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L.A.'s Minimum Wage to Increase to $13.25 an Hour Under Garcetti Plan

L.A.'s Minimum Wage to Increase to $13.25 an Hour Under Garcetti Plan
Photo by Ted Soqui

Mayor Eric Garcetti is working on a proposal to raise L.A.'s minimum wage to $13.25 an hour within three years, according to two people briefed on the plan.

The mayor is expected to roll out the proposal next week. The details have still not been finalized, and the mayor's office is awaiting a report from a labor-funded policy organization before making the announcement. 

Garcetti wants to increase the citywide minimum wage in three increments, reaching $13.25 an hour by 2017. After that, the wage would be indexed to inflation.

The plan marks an abrupt shift in focus for the Garcetti administration, which up until now has emphasized business-friendly initiatives like expanding the film tax incentive and lowering the city's business tax. Business leaders reacted to the shift with dismay.

"I'm stunned," said Stuart Waldman, chair of the Valley Industry and Commerce Association. "He knows as well as anyone that this city needs jobs. Introducing this measure will have a chilling effect on anyone considering opening a business in Los Angeles, and it will probably also push a lot of people out of Los Angeles."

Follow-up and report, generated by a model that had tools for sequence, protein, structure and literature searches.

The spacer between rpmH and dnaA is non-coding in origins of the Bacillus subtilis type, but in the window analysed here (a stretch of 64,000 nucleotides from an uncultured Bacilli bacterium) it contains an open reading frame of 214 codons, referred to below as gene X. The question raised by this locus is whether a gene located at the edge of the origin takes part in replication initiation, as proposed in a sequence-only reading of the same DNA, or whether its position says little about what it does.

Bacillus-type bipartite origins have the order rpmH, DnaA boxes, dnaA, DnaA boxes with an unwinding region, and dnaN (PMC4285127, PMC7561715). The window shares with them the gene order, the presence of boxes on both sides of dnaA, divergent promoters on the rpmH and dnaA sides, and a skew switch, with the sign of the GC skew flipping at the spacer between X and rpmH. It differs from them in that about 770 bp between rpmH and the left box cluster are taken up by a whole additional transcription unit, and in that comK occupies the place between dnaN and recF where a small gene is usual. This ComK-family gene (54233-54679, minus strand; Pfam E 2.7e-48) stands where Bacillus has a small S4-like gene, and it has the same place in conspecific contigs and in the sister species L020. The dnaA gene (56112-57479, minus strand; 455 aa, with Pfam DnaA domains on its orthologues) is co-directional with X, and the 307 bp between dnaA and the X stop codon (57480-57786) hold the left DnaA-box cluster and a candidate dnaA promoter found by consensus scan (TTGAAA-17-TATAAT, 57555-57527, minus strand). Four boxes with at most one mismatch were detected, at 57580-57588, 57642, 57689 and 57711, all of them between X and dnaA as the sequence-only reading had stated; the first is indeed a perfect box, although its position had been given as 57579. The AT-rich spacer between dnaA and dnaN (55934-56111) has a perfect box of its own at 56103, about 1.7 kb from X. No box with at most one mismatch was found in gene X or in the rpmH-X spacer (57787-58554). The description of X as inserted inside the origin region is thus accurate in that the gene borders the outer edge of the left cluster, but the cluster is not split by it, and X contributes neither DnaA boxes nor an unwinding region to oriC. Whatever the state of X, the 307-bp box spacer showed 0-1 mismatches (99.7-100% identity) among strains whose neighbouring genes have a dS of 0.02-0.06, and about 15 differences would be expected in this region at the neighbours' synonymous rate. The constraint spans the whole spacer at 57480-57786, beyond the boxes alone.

The L.A. County Federation of Labor has been pushing for an increase to the minimum wage for downtown hotel workers to $15 per hour. But some progressive activists have expressed concern that that proposal was too narrowly focused on one industry.

Last month, some of the activists who were involved in boosting Seattle's minimum wage to $15 an hour announced plans to launch a similar campaign in L.A.

"One of Mayor Garcetti's top priorities is to lift Angelenos out of poverty. In recent weeks he has met with business, labor, community and faith leaders to discuss ways to help L.A. families and our economy thrive," Garcetti's spokesman, Jeff Millman, said in a statement.

Update: Councilman Mike Bonin, who has led efforts to increase wages for downtown hotel workers, said he wants to see a $15 minimum wage citywide.

"We need to get the working poor above the poverty level," Bonin said.

He also said he expects the mayor's proposal "will have broad-based support on the City Council."

SEIU Local 721, which represents L.A. city workers, is also pushing for $15.

“Our position is clear: whether you’re a truck driver at the port, a fast food worker at McDonald’s, or you work for a subcontractor with the City of Los Angeles, all workers need to earn at least $15 an hour and the right to form a union," said spokeswoman Alisa Rivera. "That is the pathway we support to combat income inequality and rebuild the middle class."

Philanthropist Eli Broad also issued a statement supporting Garcetti's plan: "If Los Angeles is to maintain our standing as a world-class city, we need to increase the minimum wage. Raising the minimum wage would help lift people out of poverty and stimulate our local economy."


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